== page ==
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      History of Myeongdong


      Myeongdong dates back to the Joseon Dynasty when it was called Myeongryebang (Hangul: 紐낅諛; hanja: 삇獵쓪) and mostly a residential area. During the Japanese era the name was changed to Myeongchijeong (Hangul: 紐낆튂젙; hanja: 삇亦사뵼, Meijicho in Japanese pronunciation) and became more of a commercial district, being influenced by the rising commerce in the neighboring Chungmuro area. It became the official district of Myeongdong in 1946, after independence.

      After the Korean War and into the 1960s, the economy blossomed and the financial sector from Namdaemun-ro and Euljiro gradually expanded into Myeongdong. The area flourished as city renovations took place and high-rise buildings were built. Many department stores, shopping centers, restaurants, upscale shops and boutiques set up their businesses in Myeongdong and it became the mecca for the young and trendy in the 1970s.

      Besides being a major commercial and financial district, Myeongdong has been a popular location for political demonstrations and protests, especially during the turbulent years of the 1980s and 1990s. Myeongdong Cathedral has been a frequent spot for many of these demonstrations and still is to this day. As of March 2000, Myeongdong's has been designated as a special Tourism Promotion Area and is one of the stops on the official Seoul City Bus tour's main route.





      Seoul's financial hub is divided between here and Yeouido where the Korea Stock Exchange is located. Major insurance, securities, financial services companies, and investment firms with headquarters in Myeongdong include Citibank, SK Corporation, Kookmin Bank, Korea Exchange Bank, Lone Star Funds, Sumitomo Mitsui Banking Corporation, AIG Korea Insurance, Hana Bank, and HSBC. The Bank of Korea is also in the vicinity.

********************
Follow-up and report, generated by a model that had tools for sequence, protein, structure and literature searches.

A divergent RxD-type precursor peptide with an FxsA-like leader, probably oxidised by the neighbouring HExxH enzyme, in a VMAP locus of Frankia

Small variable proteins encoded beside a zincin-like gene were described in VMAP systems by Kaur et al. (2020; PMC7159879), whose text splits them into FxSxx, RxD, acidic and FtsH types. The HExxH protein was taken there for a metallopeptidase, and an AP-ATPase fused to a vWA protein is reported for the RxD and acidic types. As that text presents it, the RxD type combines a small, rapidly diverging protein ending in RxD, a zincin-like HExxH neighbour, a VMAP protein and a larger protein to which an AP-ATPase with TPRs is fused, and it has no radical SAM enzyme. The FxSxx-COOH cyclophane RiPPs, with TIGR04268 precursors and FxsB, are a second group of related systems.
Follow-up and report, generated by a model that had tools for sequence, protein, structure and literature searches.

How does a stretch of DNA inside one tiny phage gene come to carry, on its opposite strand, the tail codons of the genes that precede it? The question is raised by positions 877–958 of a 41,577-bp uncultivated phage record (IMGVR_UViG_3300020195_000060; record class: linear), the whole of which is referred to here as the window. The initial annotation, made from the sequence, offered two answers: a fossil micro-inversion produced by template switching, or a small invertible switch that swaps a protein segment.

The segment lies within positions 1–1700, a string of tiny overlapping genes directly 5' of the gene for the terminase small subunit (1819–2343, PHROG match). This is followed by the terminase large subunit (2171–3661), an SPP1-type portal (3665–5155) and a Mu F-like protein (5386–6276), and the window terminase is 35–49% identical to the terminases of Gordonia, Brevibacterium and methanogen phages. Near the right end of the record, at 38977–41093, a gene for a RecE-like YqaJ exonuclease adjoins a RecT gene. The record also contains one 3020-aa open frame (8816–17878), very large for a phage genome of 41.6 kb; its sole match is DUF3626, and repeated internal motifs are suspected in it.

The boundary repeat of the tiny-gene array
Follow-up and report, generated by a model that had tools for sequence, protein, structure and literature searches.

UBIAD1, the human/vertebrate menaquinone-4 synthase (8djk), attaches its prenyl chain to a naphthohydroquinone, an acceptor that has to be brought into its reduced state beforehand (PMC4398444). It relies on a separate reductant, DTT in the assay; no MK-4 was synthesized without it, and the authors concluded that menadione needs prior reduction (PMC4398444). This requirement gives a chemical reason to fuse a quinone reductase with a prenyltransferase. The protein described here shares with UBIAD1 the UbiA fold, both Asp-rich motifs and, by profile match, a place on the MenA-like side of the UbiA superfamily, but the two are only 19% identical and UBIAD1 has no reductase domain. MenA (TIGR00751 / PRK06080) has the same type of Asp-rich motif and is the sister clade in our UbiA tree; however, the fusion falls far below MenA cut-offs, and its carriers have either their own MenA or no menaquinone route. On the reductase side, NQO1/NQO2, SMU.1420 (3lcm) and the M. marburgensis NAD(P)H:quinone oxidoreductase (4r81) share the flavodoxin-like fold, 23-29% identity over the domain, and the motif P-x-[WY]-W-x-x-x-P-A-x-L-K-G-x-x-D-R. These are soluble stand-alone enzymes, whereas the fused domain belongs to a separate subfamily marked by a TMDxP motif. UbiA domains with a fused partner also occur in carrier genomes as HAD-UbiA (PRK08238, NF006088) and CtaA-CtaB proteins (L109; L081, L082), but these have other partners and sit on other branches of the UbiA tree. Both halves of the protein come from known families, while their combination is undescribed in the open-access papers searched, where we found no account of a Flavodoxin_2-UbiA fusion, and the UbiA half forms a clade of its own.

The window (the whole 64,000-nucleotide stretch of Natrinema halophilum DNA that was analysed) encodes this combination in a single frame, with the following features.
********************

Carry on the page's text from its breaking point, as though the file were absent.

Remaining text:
Other notable landmarks in Myeongdong include the Chinese Embassy, which was first opened on January 4, 1949. YWCA headquarters, UNESCO Hall, Myeongdong Theater, and the oldest Catholic cathedral in Korea, Myeongdong Cathedral.

      Except for early morning and late night delivery hours, the main street and most of the alleys are blocked off for pedestrians to roam freely without being hindered by traffic.





      Myeongdong (紐낅룞) is one of the busiest number 1 shopping district in Seoul and is among Korea셲 premier primary shopping destinations. Over 1 million shoppers pass through this area each and every day and being located in the heart of Seoul, Myeongdong is well known to be Korea셲 modern-day history as a center of city politics, economy, and culture. Its wild popularity has led to similar shopping districts springing up all across the country. The two main subway lines which meet in the center of the district begins from Myeongdong Subway Station (Seoul Subway Line No. 4) and Lotte Department Store at Euljiro. . The area셲 well-developed transportation grid makes it the ideal place for visitors who may not yet be familiar with the city.

      Aside from shopping, visitors can check out the Myeongdong Cathedral and the nearby Namdaemun Market, a market with over 600 years of history. Myeongdong셲 combination of historical significance, nearby tourist attractions, and prime shopping has established it as the ultimate tourist destination in Seoul. In a poll of nearly 2,000 foreign visitors, conducted by the Seoul Metropolitan Government in November 2011, stated that 13.4 percent named shopping in Myeongdong as their favorite activity in Seoul.

      If you purchase items that are more than 30,000 won at a shop where you are eligible for tax refund, request for a tax rebate form you will typically be given a blue or orange colored form. Fill it up and submit for tax refund in cash at one of the tax refund outlets here in Myeongdong or at the Incheon airport if you depart back to Singapore. All skincare/cosmetic/beauty products outlet are eligible for tax refund and it is quite easy to estimate up to 30,000 won (about 30 USD) with your purchases!




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